Why is AWS doing this? There are five good reasons:
Competition (Google Cloud and Azure per-minute billing — will they respond?)
Cost savings (AWS loves a price reduction!)
Elasticity (if you can do it)
Democratizing technology (everyone gets this, not just selected customers)
Pace of innovation (AWS is a release machine, though it’s still Day 1 at AWS!)
It’s the truly agile that will benefit — developers with their CI/CD pipelines building up and tearing down environments, and those that exploit auto-scaling groups. Could per-second billing finally get that enterprise girth into those slimline agile pants?
Who Performs Your Cloud Finance Manager Role?
This will highlight to customers something we’ve been advising clients to do for some time: make someone accountable for cloud finance. It’s not a full-time gig and you can add the role to an existing member of your cloud team (the leader or a project manager type who already works with budgets is a good idea).
This individual should be driving the team to be more efficient with their cloud usage, which is a minimum of:
Buying appropriate usage commitment, such as reserved instances or subscriptions from a cloud resource broker like Strategic Blue.
Ensuring consumption of commitments, using them, and not wasting them — and avoiding buying the wrong instance and compounding the mistake buying (again) on demand so you are paying twice!
Update the application architecture from the old-fashioned “two big VMs for HA” and instead having an elastic fleet of smaller instances integrated with auto-scaling groups.
Making cloud usage and cost transparent, and ensuring individuals like developers are accountable for their usage.
What Is the Impact on AWS Partners?
What does this mean for AWS partners that “do” cloud management and finance? There are three perspectives here:
The managed service providers (MSPs)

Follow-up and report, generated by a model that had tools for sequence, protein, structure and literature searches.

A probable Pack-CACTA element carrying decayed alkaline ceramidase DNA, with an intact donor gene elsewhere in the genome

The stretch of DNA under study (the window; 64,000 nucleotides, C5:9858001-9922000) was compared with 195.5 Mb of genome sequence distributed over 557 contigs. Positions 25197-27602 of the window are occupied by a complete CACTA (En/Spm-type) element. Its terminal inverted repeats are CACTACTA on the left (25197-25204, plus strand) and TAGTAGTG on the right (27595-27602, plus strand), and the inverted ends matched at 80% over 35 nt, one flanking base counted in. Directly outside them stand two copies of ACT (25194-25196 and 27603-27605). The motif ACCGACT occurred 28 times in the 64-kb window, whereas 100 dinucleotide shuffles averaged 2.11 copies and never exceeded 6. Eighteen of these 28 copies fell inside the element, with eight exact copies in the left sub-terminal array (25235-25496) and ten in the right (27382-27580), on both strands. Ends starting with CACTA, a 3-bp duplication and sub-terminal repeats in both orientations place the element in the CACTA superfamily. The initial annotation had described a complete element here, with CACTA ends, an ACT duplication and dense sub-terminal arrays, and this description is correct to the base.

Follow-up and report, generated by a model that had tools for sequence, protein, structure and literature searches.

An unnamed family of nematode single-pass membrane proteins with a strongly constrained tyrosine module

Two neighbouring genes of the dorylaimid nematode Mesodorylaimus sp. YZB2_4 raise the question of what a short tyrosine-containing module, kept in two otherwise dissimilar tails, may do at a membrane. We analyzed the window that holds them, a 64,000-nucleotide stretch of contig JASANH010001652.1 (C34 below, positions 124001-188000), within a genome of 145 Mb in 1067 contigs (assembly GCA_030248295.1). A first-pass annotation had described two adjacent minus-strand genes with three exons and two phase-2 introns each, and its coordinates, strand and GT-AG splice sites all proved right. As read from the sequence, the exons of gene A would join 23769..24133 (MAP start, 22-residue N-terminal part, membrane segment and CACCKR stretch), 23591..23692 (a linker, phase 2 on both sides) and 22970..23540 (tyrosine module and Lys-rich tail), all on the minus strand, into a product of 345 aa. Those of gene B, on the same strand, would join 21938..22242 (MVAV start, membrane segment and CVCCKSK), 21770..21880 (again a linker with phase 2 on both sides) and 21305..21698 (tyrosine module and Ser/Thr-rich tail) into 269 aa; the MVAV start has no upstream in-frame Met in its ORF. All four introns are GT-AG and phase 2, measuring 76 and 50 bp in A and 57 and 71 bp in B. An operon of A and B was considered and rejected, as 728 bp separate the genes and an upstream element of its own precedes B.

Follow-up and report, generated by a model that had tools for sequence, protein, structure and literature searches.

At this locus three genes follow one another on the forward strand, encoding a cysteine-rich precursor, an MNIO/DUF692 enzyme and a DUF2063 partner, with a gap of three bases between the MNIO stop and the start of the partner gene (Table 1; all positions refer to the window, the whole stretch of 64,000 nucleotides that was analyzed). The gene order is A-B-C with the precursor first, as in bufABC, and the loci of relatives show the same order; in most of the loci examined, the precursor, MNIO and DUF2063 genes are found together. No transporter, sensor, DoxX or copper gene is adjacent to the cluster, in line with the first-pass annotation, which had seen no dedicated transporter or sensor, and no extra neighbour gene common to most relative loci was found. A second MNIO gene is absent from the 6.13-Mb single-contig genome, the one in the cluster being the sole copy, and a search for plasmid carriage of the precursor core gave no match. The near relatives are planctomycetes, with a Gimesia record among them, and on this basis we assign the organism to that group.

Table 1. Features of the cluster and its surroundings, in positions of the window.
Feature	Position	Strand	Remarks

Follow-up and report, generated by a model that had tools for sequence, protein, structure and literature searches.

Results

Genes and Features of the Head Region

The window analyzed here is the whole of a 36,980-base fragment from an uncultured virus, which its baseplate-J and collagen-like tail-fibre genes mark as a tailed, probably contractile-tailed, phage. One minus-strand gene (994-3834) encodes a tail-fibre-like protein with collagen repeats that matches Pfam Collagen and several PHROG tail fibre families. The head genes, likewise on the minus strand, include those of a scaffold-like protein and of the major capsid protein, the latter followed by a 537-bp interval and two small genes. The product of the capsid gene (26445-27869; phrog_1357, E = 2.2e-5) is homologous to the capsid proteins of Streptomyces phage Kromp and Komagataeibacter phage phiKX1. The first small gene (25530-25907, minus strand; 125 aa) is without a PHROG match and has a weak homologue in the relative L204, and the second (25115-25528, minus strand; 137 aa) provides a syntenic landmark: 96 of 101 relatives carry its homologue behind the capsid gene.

All three types of partner have just over eight days to adjust how they do things.
The toolers sell self-service capacity and billing software, and will need to modify their databases, engines, and UIs to cope with the change. The reasoning engines that make recommendations will need to change. Cloud management is already difficult to provide, buy, and use — what will adding more fine granularity data points do?
The MSPs manage multiple AWS customers and provide billing and additional management services.They will now have to update their own billing mechanisms to adapt to the AWS changes. MSPs often provide advisory services to customers, and it’s likely that they will see more customers wanting to be more agile, so there could be a boom in AWS services for MSPs and AWS consultants generally.
The financiers act as intermediaries to help organizations to buy cloud on their terms, such as six-month agreements instead of one- or three-year agreements; there might be some adjustment for forecasting models to ensure the finance matches usage. Usage might become more variable and elastic as customers become more sophisticated.
My work with Strategic Blue, which has its own internal tools and uniquely acts as an AWS MSP and cloud financier, will reveal the impact of this new pricing model in October, so expect an update in a few weeks’ time. Strategic Blue CEO and Cutter Senior Consultant James Mitchell has already started sharing his insights into the transparency impact of even more granular pricing.